Sample Varied Tastes At These New London Restaurants

London’s dining scene goes from strength to strength, with new openings and a wealth of variety served up on a plate. Try these new venues in the capital.

London is full of restaurants with all types of flavors. Try these diverse new restaurants with cuisine from Korea, Turkey and America.

Pizza Goes Pide

The latest project from Alan Yau—the man behind Wagamama, Hakkasan and Yauatcha, among others—is a restaurant that specialises in the pide (pronounced ‘pee-deh’), a staple Turkish dish resembling a pizza. Babaji Pide is bustling and comfortable, with a traditional Turkish feel to the décor and a choice of Turkish dishes including lamb and beef dishes on the menu. Pide comes straight from the oven; the elongated oval-shape doughy base is topped with, among others, minced lamb, seafood, chargrilled peppers, egg and feta. Other great dishes include borek (filo pastry with cheese and spinach) and chicken beyti (minced chicken, pepper, parsley and red chilli flakes). For pudding, clotted ice cream wedged between wafers with pistachio nuts sprinkled on top is a winner. Babaji is certainly a departure from Yau’s previous portfolio of restaurants, but it’s a successful one. 53 Shaftesbury Ave, W1D 6LB. T: 020 7327 3888

Pide comes out of the oven at Babaji Pide, London, UK
Hot pide straight from the oven at Babji Pide (photo courtesy Babaji Pide)

More Than Just the Kimchee

If most people associate Korean food with kimchee, they’re not far wrong, it’s just that there’s so much more to this South-East Asian cuisine. We enjoyed that in Bibigo, which opened in January in the vibrant dining hub of Islington—it’s all industrial chic and floor-to-ceiling windows. It shows off not only classic dishes such as sizzling rice pots of bibimbap, but also light dishes, such as the starters of delicate japchae (glass noodles with vegetables) and succulent scallops with a delicate truffle yozu dressing. A highlight was the galbi jjim—braised short ribs in a barbecue sauce that literally fell off the bone. And the kimchee? Well, of course there were choices of this fermented cabbage, hot and tangy, on the side. A glass of Korean sweet dessert wine, with hints of plum, finished off the dinner perfectly. 407 St. John St, EC1V 4AB. T: 020-3696 4118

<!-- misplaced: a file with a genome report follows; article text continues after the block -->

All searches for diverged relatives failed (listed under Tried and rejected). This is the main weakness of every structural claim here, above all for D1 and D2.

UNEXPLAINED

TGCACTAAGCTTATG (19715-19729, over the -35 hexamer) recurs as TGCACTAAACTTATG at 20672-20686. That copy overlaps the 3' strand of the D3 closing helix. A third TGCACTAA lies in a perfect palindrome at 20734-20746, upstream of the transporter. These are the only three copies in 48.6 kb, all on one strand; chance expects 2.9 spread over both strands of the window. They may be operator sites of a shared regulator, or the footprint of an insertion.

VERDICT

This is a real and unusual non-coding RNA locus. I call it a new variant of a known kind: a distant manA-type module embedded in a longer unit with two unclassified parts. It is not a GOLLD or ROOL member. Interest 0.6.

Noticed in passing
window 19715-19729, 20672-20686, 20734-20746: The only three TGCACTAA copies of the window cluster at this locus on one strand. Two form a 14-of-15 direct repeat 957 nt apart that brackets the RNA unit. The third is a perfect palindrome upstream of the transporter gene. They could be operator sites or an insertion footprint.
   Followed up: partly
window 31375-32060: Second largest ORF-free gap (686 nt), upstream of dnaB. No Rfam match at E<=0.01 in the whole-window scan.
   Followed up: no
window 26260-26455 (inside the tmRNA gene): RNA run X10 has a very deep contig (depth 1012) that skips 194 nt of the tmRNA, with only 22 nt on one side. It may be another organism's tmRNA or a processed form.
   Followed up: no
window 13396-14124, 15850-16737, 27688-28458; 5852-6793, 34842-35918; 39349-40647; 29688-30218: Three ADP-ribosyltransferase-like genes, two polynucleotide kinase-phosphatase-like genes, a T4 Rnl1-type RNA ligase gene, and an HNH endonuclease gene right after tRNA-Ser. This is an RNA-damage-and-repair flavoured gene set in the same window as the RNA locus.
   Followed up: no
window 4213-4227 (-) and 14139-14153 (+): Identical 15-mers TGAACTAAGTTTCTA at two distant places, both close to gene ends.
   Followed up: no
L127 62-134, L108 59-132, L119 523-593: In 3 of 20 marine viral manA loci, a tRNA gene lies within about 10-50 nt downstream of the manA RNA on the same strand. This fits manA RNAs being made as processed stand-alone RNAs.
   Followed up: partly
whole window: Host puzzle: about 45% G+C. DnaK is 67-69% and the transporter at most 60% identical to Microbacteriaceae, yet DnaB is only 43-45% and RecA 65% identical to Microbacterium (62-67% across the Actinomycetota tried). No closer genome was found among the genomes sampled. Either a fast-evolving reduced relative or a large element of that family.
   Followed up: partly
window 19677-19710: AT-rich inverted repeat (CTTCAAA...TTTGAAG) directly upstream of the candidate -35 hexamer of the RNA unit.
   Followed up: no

Food at Bibigo, London, UK
Tangy, tasty Korean cuisine at Bibigo (photo courtesy Bibigo)

Hunter Gatherer Gastronomy

Some diets are fads, but others, such as the Atkins diet, weather the test of time. A relatively new kid on the block is the Paleolithic diet; known as the ‘Paleo’ (or ‘caveman’) diet, with only unrefined, unprocessed foods, no dairy or gluten, and cutting your nutritional intake down to meat, vegetables, nuts and seeds. It’s said to result in health benefits from increased energy to a brighter complexion. And the diet has proved so popular that a new restaurant in Notting Hill Gate, Pure Taste, offers only paleo-friendly cuisine. At first glance the menu seems familiar, with bread that tastes like bread (made from coconut, among other things) and a charcuterie board that doesn’t leave you feeling deprived. Mains include trout with tiger prawns (good but not substantial), while the dessert list features a decent banoffee pie. The result? Pure Taste makes a good effort with what limited ingredients it has, but you might leave feeling hungry. 115 Westbourne Grove, W2 4UP. T: 020-7727 5000

Pure Taste, Notting Hill restaurant, London, UK
Notting Hill goes paleo at Pure Taste (courtesy Pure Taste)

Seaside Comes to the City

Located on the West End's Goodge Street, Fraq's Lobster Shack is a little gem offering take-out or eat-in dining. The space is intimate and the décor resembles an East Coast American shack designed around a sea theme, with distressed painted wooden walls and comical lobster pictures adorning them. As you’d expect this is all about the seafood—mainly lobster—oriented, but with a casual twist. We’d recommend the calamari club roll, and the lobster salad in a brioche bun with lobster, salad and mayonnaise dressing, served with fries and served in a small wooden crate—very original. To quench your thirst, the Fraq's Old Fashioned is definitely one to try. 55 Goodge St, W1T 1TQ. T: 020-7637 9942

Fraq's restaurant for seafood, London, UK
Think Fraq's, think seafood (courtesy Fraq's)